3.5 out of 4 stars
It took nearly a quarter-century, but Kevin Costner is great again.
Costner’s movies have been generally good since his Oscar-winning performance in Dances with Wolves in 1990, but rarely great. Wyatt Earp? Good. Tin Cup? A little better. 3000 Miles to Graceland, The Guardian and Mr. Brooks? Entertaining.
Leave it to the Cleveland Browns – the NFL’s lovable losers – to make Costner a winner again in Draft Day.
But in the movie, it’s May 8, with less than 13 hours before the beleaguered Browns need to make a splash in the first round of the NFL Draft. Costner, playing Browns general Manager Sonny Weaver Jr., can’t afford to screw this up. Or else.
He trades three first-round picks with Seattle to move up from No. 7 to No. 1, setting off a flurry of events that give fans an inside look at what happens on draft day, when team’s futures often are decided.
Director Ivan Reitman seamlessly weaves Weaver’s interactions with potential trading partners – the Bills, Chiefs, Jaguars and Texans – along with his love interest – it’s a Costner movie, so there’s always a hot girl (Jennifer Garner) – his bereaving family and a demanding boss as he tries to turn losers into winners.
This as close a look at the NFL Draft as Ravens fans will get unless they are sitting next to Ozzie Newsome in the team’s “War Room,” the name given to place where executives, scouts and coaches gather to decide who’ll they’ll select.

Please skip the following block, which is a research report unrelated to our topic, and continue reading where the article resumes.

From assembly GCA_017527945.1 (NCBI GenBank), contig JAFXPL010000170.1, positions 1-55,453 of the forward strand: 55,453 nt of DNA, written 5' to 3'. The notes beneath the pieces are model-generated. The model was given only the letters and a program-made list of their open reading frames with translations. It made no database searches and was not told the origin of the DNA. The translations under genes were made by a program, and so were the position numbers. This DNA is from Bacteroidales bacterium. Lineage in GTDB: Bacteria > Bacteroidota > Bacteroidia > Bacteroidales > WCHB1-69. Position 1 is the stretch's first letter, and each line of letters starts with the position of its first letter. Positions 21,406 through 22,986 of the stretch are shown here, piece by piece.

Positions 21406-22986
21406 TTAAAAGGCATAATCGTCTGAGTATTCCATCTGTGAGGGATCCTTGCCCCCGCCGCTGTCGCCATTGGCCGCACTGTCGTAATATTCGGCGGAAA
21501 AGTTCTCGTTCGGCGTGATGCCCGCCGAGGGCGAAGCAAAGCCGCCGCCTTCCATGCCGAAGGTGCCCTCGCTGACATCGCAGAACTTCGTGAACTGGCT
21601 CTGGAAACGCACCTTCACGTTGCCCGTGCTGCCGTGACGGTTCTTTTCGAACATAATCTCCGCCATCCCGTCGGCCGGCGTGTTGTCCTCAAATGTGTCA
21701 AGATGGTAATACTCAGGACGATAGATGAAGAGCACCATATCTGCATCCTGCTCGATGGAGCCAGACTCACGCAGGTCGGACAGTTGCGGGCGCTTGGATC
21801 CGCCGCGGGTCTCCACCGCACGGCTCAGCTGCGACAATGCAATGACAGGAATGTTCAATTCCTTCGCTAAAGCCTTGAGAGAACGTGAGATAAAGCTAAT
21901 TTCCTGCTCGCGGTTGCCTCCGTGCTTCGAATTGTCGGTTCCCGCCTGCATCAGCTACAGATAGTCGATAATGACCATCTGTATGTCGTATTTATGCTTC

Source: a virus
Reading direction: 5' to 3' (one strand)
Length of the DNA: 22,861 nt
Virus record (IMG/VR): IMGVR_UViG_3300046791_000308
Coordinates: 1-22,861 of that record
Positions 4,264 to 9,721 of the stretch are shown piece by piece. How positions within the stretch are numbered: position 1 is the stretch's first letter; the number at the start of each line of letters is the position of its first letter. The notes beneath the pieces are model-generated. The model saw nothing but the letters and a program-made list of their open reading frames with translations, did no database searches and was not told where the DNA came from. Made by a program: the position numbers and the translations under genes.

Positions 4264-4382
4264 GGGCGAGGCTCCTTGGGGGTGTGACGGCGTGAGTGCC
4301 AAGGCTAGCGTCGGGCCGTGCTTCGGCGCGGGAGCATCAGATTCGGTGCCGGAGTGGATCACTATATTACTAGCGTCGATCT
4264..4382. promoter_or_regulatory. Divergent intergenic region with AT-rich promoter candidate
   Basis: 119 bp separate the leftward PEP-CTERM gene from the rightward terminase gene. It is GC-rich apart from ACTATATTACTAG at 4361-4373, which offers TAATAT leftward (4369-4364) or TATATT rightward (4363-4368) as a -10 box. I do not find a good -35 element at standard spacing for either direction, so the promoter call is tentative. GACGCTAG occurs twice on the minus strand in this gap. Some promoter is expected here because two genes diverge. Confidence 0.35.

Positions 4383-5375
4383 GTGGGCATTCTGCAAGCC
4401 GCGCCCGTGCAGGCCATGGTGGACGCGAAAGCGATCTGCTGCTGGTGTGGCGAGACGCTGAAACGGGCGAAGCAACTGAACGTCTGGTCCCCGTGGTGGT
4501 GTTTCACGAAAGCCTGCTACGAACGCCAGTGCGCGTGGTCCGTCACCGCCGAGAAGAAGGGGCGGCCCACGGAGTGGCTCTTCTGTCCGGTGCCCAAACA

The NFL Draft is so much more than giving Roger Goodell a name on a piece of paper, as Draft Day tackles the series of internal battles that teams face every spring.
Does Costner draft a player who first-year coach Vince Penn (Denis Leary) wants for his system or the player who has the biggest upside? Does Costner draft a promising running back with deep Cleveland roots but who has been arrested for beating someone up? Or does he pick media darling and fan favorite Bo Callahan, a Heisman Trophy-winning quarterback projected to be a franchise’s savior?
It’s Costner’s job to determine if the guy everyone says is the next great thing really is just that – or simply the next Ryan Leaf. After all, he just spent three first-round picks – just as the Redskins did in real life to acquire Robert Griffin III – so he better be right.
And the clock is ticking.
In Draft Day, It’s the little things – the way Costner interacts with Browns coaches and intern, Costner’s family, rival general managers and projected first-round picks and their agents, which includes Sean “Diddy” Combs – that transform Draft Day from a sports movie into a drama. The last time Costner accomplished this feat the results were Field of Dreams and Bull Durham, which have withstood the test of time.
When it comes to the NFL Draft, all roads lead to New York City’s Radio City Music Hall. It’s the red carpet. It’s players dressed in their finest threads. It’s fans cheering for the player who will lead them to the Lombardi Trophy. It’s the Green Room, where projected top picks wait anxiously with their family and agents.
It’s all there in Draft Day, complete with a special treat for Ravens fans.
“You could see them shooting this movie at last year’s draft – they were telling us when to cheer,” said Dave Carey, a Baltimore resident who attends the NFL Draft as a fan with his friends annually and who saw Draft Day on Jan. 30. “But the cheering you hear in the movie when Commissioner Roger Goodell is announced at the start of the draft was doctored in because it wasn’t that loud as it is in the movie.”
So who does Weaver pick? The can’t-miss quarterback from Wisconsin? The running back from Florida State who the Browns’ head coach wants? Or the immature but immensely talented linebacker from Ohio State?
It’s well worth the price of admission to find out.